Selective Grinding and Milling,

Figure 3 The casts are attached to the plaster mounts by placing impression plaster around the junction between the cast and the plaster mount. Impression plaster maintains a better bond and is quicker and easier to use than sticky wax.

Figure 4 The casts and their plaster mounts are returned to the articulator. Use the same articulator as each articulator may have small variations.

Figure 5 The incisal pin of the articulator does not contact the incisal guide table when the dentures are remounted. Usually there will be 1 to 1½ mm. of pin opening if the proper techniques have been followed throughout the investing and packing procedures. Excessive pin opening is an indication that the flasks were not closed before the dentures were processed. If the pin touches, the dentures may have been under-packed.

Figure 6 The materials required for selective grinding are a dental handpiece, suitable stones, articulating paper (preferably red and blue), and milling paste.

Figure 7 The teeth are checked visually before articulating paper is inserted between them.

Figure 8 A piece of red articulating paper is inserted between the teeth and they are tapped together gently but firmly. This is repeated on both sides.

At this time it must be emphasized that the articulator has to be handled correctly to insure that the teeth will follow the movements of the articulator. While checking for centric occlusion, the articulator must be locked in the centric position. When moving the articulator in subsequent steps, it must be handled as shown in the illustrations in Section 7.

Figure 9 This illustrates that the first contact occurs on the maxillary right second premolar and the maxillary left second molar. It must now be determined whether or not the maxillary or mandibular teeth will be ground.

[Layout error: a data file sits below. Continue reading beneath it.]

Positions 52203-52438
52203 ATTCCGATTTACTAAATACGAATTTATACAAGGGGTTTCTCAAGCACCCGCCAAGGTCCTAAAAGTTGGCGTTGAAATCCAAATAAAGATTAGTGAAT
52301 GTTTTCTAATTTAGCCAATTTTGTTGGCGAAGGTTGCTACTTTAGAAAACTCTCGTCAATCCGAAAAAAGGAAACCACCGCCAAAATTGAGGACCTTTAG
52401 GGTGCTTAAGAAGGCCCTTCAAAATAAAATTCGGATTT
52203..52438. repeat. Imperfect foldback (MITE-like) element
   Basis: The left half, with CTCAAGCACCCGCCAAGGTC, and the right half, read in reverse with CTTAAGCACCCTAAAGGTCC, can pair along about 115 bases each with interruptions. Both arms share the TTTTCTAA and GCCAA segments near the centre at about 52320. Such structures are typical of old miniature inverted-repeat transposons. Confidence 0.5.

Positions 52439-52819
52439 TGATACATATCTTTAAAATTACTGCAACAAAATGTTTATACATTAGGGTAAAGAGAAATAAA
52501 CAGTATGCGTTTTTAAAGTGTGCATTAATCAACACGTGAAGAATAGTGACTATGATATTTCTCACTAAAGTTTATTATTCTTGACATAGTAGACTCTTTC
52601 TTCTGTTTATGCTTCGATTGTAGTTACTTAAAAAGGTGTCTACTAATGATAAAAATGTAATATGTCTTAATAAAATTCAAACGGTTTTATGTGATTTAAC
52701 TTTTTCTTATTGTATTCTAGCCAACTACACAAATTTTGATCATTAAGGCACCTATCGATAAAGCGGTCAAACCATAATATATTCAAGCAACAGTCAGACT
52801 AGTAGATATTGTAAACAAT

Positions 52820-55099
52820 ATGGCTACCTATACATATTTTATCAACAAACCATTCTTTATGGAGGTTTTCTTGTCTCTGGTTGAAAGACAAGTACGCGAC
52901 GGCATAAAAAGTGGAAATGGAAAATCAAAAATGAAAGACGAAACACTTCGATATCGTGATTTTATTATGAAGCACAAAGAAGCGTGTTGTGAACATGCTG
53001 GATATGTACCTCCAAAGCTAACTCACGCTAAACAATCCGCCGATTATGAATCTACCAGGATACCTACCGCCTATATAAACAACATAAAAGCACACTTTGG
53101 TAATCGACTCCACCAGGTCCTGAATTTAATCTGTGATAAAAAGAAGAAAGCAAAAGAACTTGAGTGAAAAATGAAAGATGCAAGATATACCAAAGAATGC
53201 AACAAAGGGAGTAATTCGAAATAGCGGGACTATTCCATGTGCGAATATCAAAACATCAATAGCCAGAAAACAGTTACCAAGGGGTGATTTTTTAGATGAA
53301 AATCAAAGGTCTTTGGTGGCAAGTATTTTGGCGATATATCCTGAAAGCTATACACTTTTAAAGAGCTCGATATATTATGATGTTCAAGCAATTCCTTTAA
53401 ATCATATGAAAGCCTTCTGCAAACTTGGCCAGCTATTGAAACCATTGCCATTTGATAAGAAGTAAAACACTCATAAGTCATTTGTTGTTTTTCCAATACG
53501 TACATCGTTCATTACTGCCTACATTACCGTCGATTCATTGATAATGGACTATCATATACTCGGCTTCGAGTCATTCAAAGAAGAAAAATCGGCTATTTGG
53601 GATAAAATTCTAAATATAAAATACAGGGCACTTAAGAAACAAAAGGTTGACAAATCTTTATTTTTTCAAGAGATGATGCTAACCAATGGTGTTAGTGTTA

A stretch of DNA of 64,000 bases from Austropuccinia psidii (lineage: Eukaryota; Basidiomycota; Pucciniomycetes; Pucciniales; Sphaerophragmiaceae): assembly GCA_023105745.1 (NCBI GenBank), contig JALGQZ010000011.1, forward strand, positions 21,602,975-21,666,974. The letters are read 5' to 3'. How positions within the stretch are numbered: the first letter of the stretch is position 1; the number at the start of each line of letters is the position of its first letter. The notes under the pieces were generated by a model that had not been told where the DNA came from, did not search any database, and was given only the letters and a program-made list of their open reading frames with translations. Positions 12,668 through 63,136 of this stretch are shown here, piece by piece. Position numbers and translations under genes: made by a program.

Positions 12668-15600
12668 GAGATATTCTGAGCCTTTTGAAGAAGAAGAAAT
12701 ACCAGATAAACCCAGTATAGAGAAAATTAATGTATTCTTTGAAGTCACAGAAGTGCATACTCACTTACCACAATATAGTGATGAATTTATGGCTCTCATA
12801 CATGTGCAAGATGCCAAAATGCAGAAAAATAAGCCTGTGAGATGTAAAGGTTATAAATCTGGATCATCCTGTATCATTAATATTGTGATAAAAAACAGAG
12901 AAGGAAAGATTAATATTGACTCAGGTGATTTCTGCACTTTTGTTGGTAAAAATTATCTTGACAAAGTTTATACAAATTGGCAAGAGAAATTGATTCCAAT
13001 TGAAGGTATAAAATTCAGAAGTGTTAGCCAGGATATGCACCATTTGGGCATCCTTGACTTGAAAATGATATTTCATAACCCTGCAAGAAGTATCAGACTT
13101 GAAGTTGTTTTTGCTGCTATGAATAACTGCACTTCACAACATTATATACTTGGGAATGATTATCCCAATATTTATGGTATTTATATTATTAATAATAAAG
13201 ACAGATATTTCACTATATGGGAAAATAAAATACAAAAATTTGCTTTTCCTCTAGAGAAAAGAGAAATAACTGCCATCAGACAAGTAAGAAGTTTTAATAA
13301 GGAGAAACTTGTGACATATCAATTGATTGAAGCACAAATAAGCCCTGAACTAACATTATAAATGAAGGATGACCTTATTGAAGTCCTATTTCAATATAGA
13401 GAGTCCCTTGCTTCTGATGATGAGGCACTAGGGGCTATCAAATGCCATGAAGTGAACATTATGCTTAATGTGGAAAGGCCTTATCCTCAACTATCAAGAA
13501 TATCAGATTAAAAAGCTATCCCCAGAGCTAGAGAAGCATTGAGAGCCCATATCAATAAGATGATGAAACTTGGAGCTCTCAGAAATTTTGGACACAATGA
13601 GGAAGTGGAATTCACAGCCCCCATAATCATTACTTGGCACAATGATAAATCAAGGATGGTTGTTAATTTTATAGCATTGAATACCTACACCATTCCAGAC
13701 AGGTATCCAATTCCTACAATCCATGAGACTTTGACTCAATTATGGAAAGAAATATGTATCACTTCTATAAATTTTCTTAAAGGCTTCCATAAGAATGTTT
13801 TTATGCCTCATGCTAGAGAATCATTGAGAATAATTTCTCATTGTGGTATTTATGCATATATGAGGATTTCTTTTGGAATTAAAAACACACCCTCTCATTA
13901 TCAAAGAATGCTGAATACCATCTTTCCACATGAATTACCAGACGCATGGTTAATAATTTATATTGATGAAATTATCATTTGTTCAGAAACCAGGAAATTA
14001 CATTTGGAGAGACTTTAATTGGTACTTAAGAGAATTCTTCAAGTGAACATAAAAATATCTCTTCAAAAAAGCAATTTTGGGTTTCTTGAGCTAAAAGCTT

Figures 10, 11 and 12 Blue articulating paper is next inserted between the teeth and the teeth are moved in lateral and protrusive excursions. It must now be determined whether the cusp or the opposing fossa should be relieved.

It is a relatively simple matter to make the foregoing determination. If a cusp is high in centric and also in excursive movements, the cusp is ground. If the cusp is high in centric occlusion but is not high in excursive movements, then the opposing fossa must be ground. It is particularly important to check balancing and protrusive movements before grinding is begun.

Figure 13 In this denture, the maxillary interferences are reduced, as these points are “high” in centric and excursive positions.

Figure 14 Centric occlusion is refined as described above until the pin touches the incisal guide table and the posterior teeth touch uniformly.

Figures 15 and 16 This illustrates the distribution of the markings which occur on the teeth after centric occlusion has been refined through selective grinding procedures. Note that the marks are distributed evenly throughout the teeth. This is the general pattern which is desired after centric occlusion has been refined.

Figures 17 and 18 When refining excursive

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Apr 17, 2015 | Posted by in Prosthodontics | Comments Off on Selective Grinding and Milling,
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